In his column on March 17 (“Government spending can create jobs“), former Congressman Barney Frank ironically says, “Persistence by the right in contradiction of the evidence reflects the difficulty of settling policy debates. Outside of a controlled experiment, it is hard to isolate the impact of any one action from the multiple factors affecting outcomes.”

The irony is that economists have been working on the very task of “isolating the impact” of multiple policy approaches.

As Mr. Frank says, we must look at the resulting evidence. However, the conclusions are inconveniently counter to his argument.

In “The Design of Fiscal Adjustments,” (Working Paper 18423 of the National Bureau of Economic Research, available on the Bureau’s website), Alberto Alesina and Silvia Ardagna examined over 50 instances of various spending cuts and tax increases in 17 OECD countries between 1978 and 2009.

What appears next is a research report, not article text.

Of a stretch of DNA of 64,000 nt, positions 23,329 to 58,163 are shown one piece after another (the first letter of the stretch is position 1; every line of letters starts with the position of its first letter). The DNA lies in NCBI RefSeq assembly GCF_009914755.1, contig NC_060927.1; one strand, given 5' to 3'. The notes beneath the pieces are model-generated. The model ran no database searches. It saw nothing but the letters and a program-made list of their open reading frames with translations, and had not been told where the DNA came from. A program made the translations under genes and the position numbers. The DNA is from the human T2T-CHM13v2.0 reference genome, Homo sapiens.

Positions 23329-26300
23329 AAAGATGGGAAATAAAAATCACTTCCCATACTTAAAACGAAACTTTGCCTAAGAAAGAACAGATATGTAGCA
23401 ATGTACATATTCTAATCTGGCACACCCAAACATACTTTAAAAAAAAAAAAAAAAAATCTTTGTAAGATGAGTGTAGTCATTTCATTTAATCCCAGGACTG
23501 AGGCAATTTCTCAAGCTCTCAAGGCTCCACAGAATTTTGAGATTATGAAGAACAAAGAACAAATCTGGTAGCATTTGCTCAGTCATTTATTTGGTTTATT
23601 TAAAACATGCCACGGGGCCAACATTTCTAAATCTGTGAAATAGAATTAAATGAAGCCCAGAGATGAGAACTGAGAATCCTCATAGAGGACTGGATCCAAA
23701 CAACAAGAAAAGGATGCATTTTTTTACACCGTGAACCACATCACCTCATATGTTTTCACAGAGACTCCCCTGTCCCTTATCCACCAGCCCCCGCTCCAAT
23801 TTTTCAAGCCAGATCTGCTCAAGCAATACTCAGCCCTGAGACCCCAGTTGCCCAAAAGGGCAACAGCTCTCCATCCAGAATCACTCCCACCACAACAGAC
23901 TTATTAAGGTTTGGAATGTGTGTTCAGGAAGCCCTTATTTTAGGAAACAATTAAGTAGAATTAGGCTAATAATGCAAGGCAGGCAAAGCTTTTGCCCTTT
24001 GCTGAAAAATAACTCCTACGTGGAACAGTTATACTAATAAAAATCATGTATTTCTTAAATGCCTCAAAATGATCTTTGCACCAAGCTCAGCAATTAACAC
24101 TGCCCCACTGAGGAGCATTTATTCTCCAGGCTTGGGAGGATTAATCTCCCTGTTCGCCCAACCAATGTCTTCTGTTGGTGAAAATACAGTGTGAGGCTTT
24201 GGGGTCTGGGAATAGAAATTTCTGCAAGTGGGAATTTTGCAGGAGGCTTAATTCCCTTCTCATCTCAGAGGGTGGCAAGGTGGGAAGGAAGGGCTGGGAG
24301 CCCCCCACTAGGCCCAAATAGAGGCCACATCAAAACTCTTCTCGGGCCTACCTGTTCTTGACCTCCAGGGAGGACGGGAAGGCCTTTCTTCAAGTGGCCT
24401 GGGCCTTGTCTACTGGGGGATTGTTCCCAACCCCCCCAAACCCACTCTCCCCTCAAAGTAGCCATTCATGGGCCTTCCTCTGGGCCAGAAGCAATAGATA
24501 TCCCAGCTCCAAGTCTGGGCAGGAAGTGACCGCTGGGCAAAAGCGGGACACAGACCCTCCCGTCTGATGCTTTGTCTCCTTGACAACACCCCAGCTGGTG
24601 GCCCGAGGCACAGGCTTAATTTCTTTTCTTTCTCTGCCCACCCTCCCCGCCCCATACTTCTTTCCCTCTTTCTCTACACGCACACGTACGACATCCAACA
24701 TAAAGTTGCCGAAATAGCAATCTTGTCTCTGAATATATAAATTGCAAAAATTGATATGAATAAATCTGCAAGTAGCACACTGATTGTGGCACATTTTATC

Their objective was to examine this mix of policies to see what worked.

Their conclusions? Cuts in government spending tended to create either economic growth or, at worst, mild recessions. Tax increases tended to create “prolonged and deep recessions.”

Therefore, to Mr. Frank I say, “Like you, I believe in evidence. Too bad it runs counter to your argument in this case.”

John Voyer, Ph.D., is a professor of business administration at the University of Southern Maine.